The relatively slower forming gate interface silicide provides a more uniform silicide structure at the silicide/gate dielectric interface, as well as better process controllability and uniformity. The gate interface silicide is smoother, providing a more spatially consistent Vth, and in particular embodiments also provides a uniform silicide phase that provides a consistent electronic work function across the gate area.
In a particular embodiment, cobalt is used in the metal layer (see
After silicidation of the gate electrode is complete, the metal remnants 220, 222, 224 are removed (etched off), resulting in the FET structure shown in
Alternatively, the metal remnants are removed prior to forming the gate interface silicide, as shown in
Embodiments include a gate electrode interlayer incorporated into a damascene gate process or a temporary gate process. The gate electrode interlayer is deposited on the gate dielectric prior to the metal layer or silicon layer from which the bulk gate silicide is formed.
The FPGA architecture includes a large number of different programmable tiles including multi-gigabit transceivers (MGTs 301), configurable logic blocks (CLBs 302), random access memory blocks (BRAMs 303), input/output blocks (IOBs 304), configuration and clocking logic (CONFIG/CLOCKS 305), digital signal processing blocks (DSPs 306), specialized input/output blocks (I/O 307) (e.g., configuration ports and clock ports), and other programmable logic 308 such as digital clock managers, analog-to-digital converters, system monitoring logic, and so forth. Some FPGAs also include dedicated processor blocks (PROC 310).
In some FPGAs, each programmable tile includes a programmable interconnect element (INT 311) having standardized connections to and from a corresponding interconnect element in each adjacent tile. Therefore, the programmable interconnect elements taken together implement the programmable interconnect structure for the illustrated FPGA. The programmable interconnect element (INT 311) also includes the connections to and from the programmable logic element within the same tile, as shown by the examples included at the top of
For example, a CLB 302 can include a configurable logic element (CLE 312) that can be programmed to implement user logic plus a single programmable interconnect element (INT 311). A BRAM 303 can include a BRAM logic element (BRL 313) in addition to one or more programmable interconnect elements. Typically, the number of interconnect elements included in a tile depends on the height of the tile. In the pictured embodiment, a BRAM tile has the same height as four CLBs, but other numbers (e.g., five) can also be used. A DSP tile 306 can include a DSP logic element (DSPL 314) in addition to an appropriate number of programmable interconnect elements. An IOB 304 can include, for example, two instances of an input/output logic element (IOL 315) in addition to one instance of the programmable interconnect element (INT 311). As will be clear to those of skill in the art, the actual I/O pads connected, for example, to the I/O logic element 315 are manufactured using metal layered above the various illustrated logic blocks, and typically are not confined to the area of the input/output logic element 315. In the pictured embodiment, a columnar area near the center of the die (shown shaded in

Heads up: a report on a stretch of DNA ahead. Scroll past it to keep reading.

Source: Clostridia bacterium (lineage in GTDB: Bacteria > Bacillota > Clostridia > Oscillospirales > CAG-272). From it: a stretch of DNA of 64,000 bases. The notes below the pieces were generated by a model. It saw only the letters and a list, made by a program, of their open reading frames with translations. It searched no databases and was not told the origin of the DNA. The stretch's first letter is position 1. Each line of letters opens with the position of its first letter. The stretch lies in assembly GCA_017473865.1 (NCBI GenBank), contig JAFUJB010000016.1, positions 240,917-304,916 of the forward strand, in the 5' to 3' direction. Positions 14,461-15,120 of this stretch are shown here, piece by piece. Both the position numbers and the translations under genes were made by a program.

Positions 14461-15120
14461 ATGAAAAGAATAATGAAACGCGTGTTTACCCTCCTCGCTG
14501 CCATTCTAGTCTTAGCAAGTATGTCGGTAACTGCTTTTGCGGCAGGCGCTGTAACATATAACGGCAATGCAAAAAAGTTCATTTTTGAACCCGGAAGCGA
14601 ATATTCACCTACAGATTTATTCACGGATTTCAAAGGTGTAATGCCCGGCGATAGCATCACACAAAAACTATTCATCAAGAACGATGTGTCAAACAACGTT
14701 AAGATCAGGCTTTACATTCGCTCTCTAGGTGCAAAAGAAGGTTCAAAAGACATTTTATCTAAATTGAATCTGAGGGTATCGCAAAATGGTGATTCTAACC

Some FPGAs utilizing the architecture illustrated in
Bulk gate silicide is formed from the silicon and metal layers using a first thermal process (step 408). In a particular embodiment, the first thermal process is an RTP that raises the temperature of the device to a temperature less than the temperature for forming gate interface silicide. In a more particular embodiment, the first thermal process raises the temperature of the device to less than 650° C., which is the temperature often used to form bulk silicide in a conventional FUSI process. In an alternative embodiment, the first thermal process includes more than one RTP, or a timed thermal treatment that avoids forming gate interface silicide. Gate interface silicide is formed using a second thermal process (step 410) that achieves a higher temperature than the first thermal process. In a particular embodiment, a temperature greater than 800° C. is achieved during the second thermal treatment, which is sufficient to form a low-resistance silicide in the presence of the silicide retardation species of a SiGe or SiGeC gate electrode interlayer.
While the present invention has been described in connection with specific embodiments, variations of these embodiments will be obvious to those of ordinary skill in the art. For example, other retardation species may be used in the gate electrode interlayer, or other processing sequences may be followed. Embodiments also use different FUSI for NMOS and PMOS in a CMOS process. For example, the N-well or P-well mask is used to selectively modify the gate electrode interlayer in one half (i.e. the PMOS FET or NMOS FET) of a CMOS cell to selectively provide a different work function or interface property, for example, or different electrode interface layers are. Therefore, the spirit and scope of the appended claims should not be limited to the foregoing description.